Penada Travessia Branco 2019
The world needs more winemakers like Marco Montez. Risk takers, bold thinkers.
When we go out looking for new things happening in old places we end up in places like this--the extreme northeast of Portugal--in an area called Trás-os-Montes, literally 'behind the mountains'. It is an old place, yet in modern times a seemingly untapped land in the north of the Douro. To call it off the radar would be an understatement.
Marco was born in Angola, raised in Portugal, and 26 years ago moved into a Portugeuse enclave near Boston, New Bedford. For 20 years he worked in telephone tech, pretty boring stuff, but got a mid-life calling about a decade ago to begin making wine, much like this father and other ancestors before him. But, he didn't do it in Portugal. Nope. Instead he created an urban winery in New Bedford called Travessia (in this case "across the ocean") with wines made by Massachusetts grapes and sold exclusively to New Englanders. Whoa.
Then in 2011, with the encouragement of his aging father, he began commuting back to his remote Portugal home, looking for a new connection to the land. Over the course of 2 years he planted 21,000 vines on a land of ancient Celtic roots. A mountainous terroir of mostly granitic soils, facing extreme temperatures in summer and in winter. There, in the region of Chaves, one hour from Porto, stands the village of Loivos, a famous land of fine wines and quality olive oil.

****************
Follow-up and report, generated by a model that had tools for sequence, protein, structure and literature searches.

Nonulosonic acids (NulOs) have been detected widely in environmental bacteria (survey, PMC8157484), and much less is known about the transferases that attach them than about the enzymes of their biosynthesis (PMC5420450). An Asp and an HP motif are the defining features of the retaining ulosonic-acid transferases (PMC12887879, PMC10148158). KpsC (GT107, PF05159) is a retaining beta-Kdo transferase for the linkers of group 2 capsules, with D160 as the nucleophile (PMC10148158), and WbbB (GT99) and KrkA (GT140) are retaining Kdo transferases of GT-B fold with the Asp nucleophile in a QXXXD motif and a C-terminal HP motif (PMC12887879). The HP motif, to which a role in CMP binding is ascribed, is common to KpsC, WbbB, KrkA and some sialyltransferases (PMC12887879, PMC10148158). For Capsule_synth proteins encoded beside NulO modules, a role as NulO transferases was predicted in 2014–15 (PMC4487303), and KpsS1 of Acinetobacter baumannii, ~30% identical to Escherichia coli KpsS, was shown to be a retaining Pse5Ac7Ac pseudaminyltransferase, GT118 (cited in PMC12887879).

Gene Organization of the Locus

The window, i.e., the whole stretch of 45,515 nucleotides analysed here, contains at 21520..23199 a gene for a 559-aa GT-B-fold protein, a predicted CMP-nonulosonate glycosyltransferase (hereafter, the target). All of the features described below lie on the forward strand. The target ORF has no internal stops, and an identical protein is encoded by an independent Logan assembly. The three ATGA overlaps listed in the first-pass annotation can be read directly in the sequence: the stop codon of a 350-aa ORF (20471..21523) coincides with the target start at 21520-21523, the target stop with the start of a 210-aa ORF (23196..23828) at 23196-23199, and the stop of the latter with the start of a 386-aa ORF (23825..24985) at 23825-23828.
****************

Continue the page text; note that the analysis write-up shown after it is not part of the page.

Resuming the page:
Penada's name, which in Portuguese means "winning in a breath", is the name of the hill that rises 500m high above the valley and the village of Loivos. Here stand Marco's vineyards. Planted in "geios", the traditional terraced plantation system, similar to that of famed Douro vineyards. The location implies hard and risky work in the vineyard, but benefits from an excellent sun exposure.
The vineyard is what makes a wine truly unique. In Marco's vineyards there are no "foreign" grapes, only authentic Portuguese grape varieties, proven in the region.White grape varieties are Fernão Pires, Malvasia Fina and Moscatel.
Any discussion of authenticity in wine, terroir, or "natural" winemaking must consider this idea carefully. Grapes used to grow wild in forests, right? 2000 years ago, the idea of cultivating in rows was hard to fathom. But the grapes used were always local!